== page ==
Searchable Discussions

I work from home, and in addition to a company mobile phone and email, my colleagues and I use Skype to keep in touch.  Not so much the voice, but the IM capability.

Now, I’m not a bad typist, but I do find four main problems with IM when discussing fairly complex subjects:

  • I can’t type as fast as I can think (and even that’s not very fast sometimes).
  • You can get the words across, but not the tone.  This sometimes leads to confusion, requiring even more typing (or resorting to a phonecall) to sort out.  You get a similar problem with SMS/text messages on mobile phones.
  • You can easily end up with multiple IM windows open at the same time, diluting your attention.
  • People don’t think for a second before popping up Skype and sending an IM, whereas before making a phonecall usually people will typically make sure it’s a good reason.

Sometimes I find I’m reaching for the phone when an IM chat goes overboard, but more often than not I stick to IM because it has some tangible benefits in the workplace:

  • You can put IM on “Do not disturb” mode, and give “callers” an insight into whether you’re likely to be able to receive them.
  • You can copy and paste information into IM.  For example in my job I deal a lot with barcodes, and I can tell you from experience that it’s soo much easier to copy and paste than try to read out a 24-digit numeric barcode or serial number.  Also, for developers sharing titbits of SQL code or hyperlinks, it’s invaluable.
  • Most importantly: conversations are searchable.  I know there are services out there that can transcript a telephone conversation, but that’s several orders of magnitude more complex than IM.

There are some excellent improvements that could be made to IM.  For instance, replacing the concept of Available/Unavailable status with the ability to “walk in and out” of a “room” would be an interesting new way of looking at things.

However as you can tell, I’m most interested in the ability to search.  My memory is awful, and to get the exact same detail from a conversation I had months ago is invaluable.

Trouble is, the only IM client that I’ve seen support searching properly is Google Talk.  GTalk chats are stored in your Google account alongside your email, and are searchable with the ubiquitous Google search engine. This is especially handy because you can search from anywhere in the world.  You don’t even have to be at your PC.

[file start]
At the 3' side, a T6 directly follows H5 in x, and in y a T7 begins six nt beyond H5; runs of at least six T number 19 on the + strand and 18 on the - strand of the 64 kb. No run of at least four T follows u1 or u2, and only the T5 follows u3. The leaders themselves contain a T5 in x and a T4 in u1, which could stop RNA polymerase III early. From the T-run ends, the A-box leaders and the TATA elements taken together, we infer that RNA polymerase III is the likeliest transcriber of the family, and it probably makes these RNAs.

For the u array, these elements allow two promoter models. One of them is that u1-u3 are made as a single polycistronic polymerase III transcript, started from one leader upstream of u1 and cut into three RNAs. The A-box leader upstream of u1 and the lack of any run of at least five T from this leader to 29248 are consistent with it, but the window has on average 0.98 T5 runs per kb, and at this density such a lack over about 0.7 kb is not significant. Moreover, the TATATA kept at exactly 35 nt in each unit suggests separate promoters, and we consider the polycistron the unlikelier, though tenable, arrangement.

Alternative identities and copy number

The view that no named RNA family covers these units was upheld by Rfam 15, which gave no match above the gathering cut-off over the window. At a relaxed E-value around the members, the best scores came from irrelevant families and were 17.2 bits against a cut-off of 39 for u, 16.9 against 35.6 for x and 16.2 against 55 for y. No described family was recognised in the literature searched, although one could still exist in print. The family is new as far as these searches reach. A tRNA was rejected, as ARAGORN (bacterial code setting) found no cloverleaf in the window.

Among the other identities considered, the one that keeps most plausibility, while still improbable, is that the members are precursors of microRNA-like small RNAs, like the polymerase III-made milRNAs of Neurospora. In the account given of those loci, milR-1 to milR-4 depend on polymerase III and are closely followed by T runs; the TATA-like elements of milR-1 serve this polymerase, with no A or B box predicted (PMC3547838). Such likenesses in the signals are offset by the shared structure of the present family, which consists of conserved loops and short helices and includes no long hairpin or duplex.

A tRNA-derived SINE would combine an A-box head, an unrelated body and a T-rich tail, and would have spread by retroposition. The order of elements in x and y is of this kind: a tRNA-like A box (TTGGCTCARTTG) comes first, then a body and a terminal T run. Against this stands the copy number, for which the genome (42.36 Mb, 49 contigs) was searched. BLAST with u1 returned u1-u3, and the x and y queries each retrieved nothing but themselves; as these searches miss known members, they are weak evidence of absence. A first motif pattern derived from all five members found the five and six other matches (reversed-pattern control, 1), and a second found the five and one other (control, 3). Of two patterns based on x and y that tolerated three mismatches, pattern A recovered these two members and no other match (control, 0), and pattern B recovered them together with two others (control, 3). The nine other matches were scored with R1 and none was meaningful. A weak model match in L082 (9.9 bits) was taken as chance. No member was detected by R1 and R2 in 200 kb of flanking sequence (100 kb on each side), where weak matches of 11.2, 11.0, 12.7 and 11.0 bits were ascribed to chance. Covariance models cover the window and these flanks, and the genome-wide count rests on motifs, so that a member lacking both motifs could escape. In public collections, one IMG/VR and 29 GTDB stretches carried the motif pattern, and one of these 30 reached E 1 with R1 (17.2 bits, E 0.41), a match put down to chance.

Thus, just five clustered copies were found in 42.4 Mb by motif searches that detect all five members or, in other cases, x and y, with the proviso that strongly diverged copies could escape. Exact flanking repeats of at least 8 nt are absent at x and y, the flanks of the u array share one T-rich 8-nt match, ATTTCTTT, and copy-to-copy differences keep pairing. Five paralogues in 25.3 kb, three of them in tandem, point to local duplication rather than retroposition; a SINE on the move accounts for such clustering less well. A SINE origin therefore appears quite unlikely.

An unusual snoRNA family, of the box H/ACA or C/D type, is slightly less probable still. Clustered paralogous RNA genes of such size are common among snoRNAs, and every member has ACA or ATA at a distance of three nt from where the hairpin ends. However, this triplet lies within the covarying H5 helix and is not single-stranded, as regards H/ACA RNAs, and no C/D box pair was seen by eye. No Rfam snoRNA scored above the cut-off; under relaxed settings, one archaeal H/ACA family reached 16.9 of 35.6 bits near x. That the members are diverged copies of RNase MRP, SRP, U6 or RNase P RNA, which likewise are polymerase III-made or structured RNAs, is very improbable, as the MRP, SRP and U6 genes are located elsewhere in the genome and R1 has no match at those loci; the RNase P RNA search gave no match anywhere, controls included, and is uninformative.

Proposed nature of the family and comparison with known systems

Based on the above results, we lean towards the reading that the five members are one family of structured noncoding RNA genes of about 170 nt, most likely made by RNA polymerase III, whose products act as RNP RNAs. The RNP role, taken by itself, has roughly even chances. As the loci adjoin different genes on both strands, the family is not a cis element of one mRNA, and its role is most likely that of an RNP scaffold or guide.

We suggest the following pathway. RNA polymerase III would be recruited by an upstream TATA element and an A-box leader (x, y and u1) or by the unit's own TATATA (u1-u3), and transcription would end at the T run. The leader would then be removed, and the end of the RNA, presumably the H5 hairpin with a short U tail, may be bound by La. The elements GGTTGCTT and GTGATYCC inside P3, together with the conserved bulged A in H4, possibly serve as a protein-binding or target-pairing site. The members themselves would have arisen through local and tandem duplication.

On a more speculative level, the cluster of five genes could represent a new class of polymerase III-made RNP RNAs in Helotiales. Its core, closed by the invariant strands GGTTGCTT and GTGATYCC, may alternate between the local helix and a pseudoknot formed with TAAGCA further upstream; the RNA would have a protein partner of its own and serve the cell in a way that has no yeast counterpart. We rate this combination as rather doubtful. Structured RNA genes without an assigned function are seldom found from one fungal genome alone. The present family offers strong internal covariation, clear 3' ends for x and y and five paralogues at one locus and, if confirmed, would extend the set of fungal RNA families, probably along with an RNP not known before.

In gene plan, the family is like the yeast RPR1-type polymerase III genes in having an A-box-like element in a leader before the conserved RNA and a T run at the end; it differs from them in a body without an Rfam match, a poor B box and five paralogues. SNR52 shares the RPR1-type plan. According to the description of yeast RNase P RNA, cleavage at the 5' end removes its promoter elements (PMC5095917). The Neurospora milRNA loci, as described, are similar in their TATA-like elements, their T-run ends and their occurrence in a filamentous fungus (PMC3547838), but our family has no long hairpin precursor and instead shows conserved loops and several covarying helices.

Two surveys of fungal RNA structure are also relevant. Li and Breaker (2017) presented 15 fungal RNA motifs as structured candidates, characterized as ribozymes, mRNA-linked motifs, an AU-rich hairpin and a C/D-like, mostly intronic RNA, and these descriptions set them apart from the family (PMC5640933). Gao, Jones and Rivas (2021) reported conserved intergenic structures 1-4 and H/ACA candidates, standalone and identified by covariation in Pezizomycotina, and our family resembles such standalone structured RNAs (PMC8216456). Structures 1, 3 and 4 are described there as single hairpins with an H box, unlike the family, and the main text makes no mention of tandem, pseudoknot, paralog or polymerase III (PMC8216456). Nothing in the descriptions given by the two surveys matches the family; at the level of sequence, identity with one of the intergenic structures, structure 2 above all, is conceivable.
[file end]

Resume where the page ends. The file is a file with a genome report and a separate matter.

Skype has an incremental search facility, but the data is stored locally on your PC and is only available in a chat window, and the text in that window.  If you want to search for something said in a conversation a month ago, you’re going to have to get it to load all the conversation history.  To be fair Skype do offer a workaround for this but while it goes some way to blocking the gap, it’s not perfect.

So, the point of this post is that the main benefit of IM in the workplace is recorded and searchable conversations.  It’s no small wonder why IM client developers aren’t tapping into the power of this information by providing a more suitable mechanism.

So imagine my surprise, that while researching for this article I found a Skype plugin for Google Desktop Search.  Since I’ve only just found it I’ve not had chance for more than a quick go, but it’s a good start.

‘Till then, happy chatting!

Development Cycle 2.0

A good friend of mine just gave me a great description of a less-than-perfect software process, expressed as a BASIC program:

10 You’ve just written some poor software
20 Experience problem with software
30 Attempt to fix
40 Goto 10

Gotta love the simplicity of it all. Haven’t we all worked like this from time to time? I know I have. Recently, in fact…

Here’s another one for the project managers and service delivery managers out there:

10 Take one step forward
20 Take two steps back
30 Goto 10

Too Hard == Broken?

I’ve spent a few hours over the last couple of days trying to get NHibernate to work. I failed. As soon as I call Configuration.Configure() I get an exception. I’ve tried various combinations of app.config and hibernate.cfg.xml files etc to no avail. I give up.

And this isn’t the first time I’ve had this. I’ve started to think, that if I can’t get something to work, its effectively a fault. A bug, no less. I’ve blogged about the risk of learning a new framework, and this proves my point perfectly.

I’ve taken to giving up on things like this.  I have better things to do with my time than work through problem after problem after problem trying to get something working.  I even recently uninstalled Resharper, because while it was very good, it stopped my solutions opening quickly. Sometimes entirely.  Again, broken.

So I’m going to look for an alternative to NHibernate that I can get running, and therefore “works”. It’s official – NHibernate is broken.

Unless you can help me out…